The Gazpacho Miracle

My first year growing garlic, I unearthed forty huge bulbs a few weeks ago. What beauty to behold! Like Barbara Kingsolver says in her book, Animal, Vegetable, Miracle, “Even the smallest backyard garden offers emotional rewards in the domain of the little miracle.”
Kingsolver also speaks of braiding her onion and garlic stems in “heavy plaits” and hanging them from her kitchen mantel. Now, that’s a vision a woman could covet if not careful.
          My garlic stems and bulbs hang in our pavilion where hundreds of lavender bundles dried until last summer. Isn’t this simply glorious? We’re free to grow something new, smell contrasting scents. Experiment with pairing flavors. There’s nothing boring about growing and cooking healthy, tasty food.
           My Uncle Tab’s untiring and hilarious culinary personality confirms my point. At age 83, he’s in a breading and frying streak. His tomatoes weren’t ripe when my husband and I visited him and my aunt in Lexington last week, so he directed from his golf cart which green tomatoes I was to pick.
I sliced. He fried—in olive oil and garlic, of course. Delicious.
“Fried cucumbers are good, too,” Uncle Tab said.
           He apologized for seeing us off to his older brother’s house with nary a ripe, juicy tomato. I was disappointed, for the thought of making gazpacho had crossed my mind several times this sweltering summer.
           The deeper we drove into the heart of Appalachia’s Peter Creek, hundreds of lush gardens grew for simple folk who’ve known for generations the rewards of planting seed. Theirs is the domain of little miracles.
          When we reached the McCoy Bottom, Uncle Herm had several large, homegrown tomatoes on his kitchen counter. We strolled by his vegetable gardens, tomato vines blackened and withered, heavy with ripe fruit.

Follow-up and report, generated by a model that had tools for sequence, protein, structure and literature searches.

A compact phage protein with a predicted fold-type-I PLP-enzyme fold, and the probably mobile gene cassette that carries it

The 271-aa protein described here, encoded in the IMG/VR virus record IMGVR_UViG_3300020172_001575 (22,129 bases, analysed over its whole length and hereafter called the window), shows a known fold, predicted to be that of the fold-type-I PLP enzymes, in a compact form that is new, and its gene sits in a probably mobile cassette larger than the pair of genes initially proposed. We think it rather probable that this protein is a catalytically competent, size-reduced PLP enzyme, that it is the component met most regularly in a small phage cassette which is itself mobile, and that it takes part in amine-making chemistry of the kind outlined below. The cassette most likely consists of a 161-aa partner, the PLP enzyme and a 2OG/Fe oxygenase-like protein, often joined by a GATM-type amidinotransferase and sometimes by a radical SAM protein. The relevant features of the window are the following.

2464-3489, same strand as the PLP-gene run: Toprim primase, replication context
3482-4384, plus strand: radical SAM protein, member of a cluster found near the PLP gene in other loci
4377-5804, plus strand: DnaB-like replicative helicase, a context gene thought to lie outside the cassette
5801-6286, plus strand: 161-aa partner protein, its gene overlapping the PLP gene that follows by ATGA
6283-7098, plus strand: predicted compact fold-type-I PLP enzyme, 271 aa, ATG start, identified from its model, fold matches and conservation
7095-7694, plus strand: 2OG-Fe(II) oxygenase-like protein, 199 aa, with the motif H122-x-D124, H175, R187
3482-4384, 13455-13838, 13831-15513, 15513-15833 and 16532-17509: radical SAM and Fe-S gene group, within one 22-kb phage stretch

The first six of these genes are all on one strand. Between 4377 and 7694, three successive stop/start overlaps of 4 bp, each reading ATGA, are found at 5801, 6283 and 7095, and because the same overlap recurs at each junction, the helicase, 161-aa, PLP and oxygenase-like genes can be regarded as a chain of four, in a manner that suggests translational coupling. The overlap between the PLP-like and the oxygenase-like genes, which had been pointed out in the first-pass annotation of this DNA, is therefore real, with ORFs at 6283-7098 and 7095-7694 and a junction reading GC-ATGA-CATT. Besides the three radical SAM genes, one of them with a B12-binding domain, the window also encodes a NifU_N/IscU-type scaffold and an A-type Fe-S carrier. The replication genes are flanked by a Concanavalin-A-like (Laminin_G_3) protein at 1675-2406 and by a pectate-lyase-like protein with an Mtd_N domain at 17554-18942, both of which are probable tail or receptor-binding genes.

Uncle Herm shook his head. “Honey, I don’t know what happened to my tomato plants.”
          A widower and misfit in the kitchen, Uncle Herm prefers the food and social life of the local senior center to cooking for himself. So my husband and I dined at Hornet’s, the local restaurant in Phelps, the settlement where Granny lived and grew a garden for four decades.
          Later, Mel and I agreed there’s nothing like Uncle Tab’s cooking, and decided to accept his invitation for lunch on our drive back home.
         Uncle Herm loaded us up with a bag of tomatoes for his brother, and one for us. “Tell Tab I love him,” he said. “It’s just the two of us now.”
         A sad reality, I considered myself blessed to be the tomato bearer, to sit once again with Uncle Tab and Aunt Alma Leigh, commune with them and the produce from his gardens. He jabbed a piece of melon with his fork. “This cantaloupe was the size of Herman’s head!”
        Thanks to Uncle Herm, there’s a jar of gazpacho marinating in my refrigerator, one of many emotional benefits from two men who love me, teach me how to grow and cook good food.
        Dear Reader, mine is the domain of little miracles.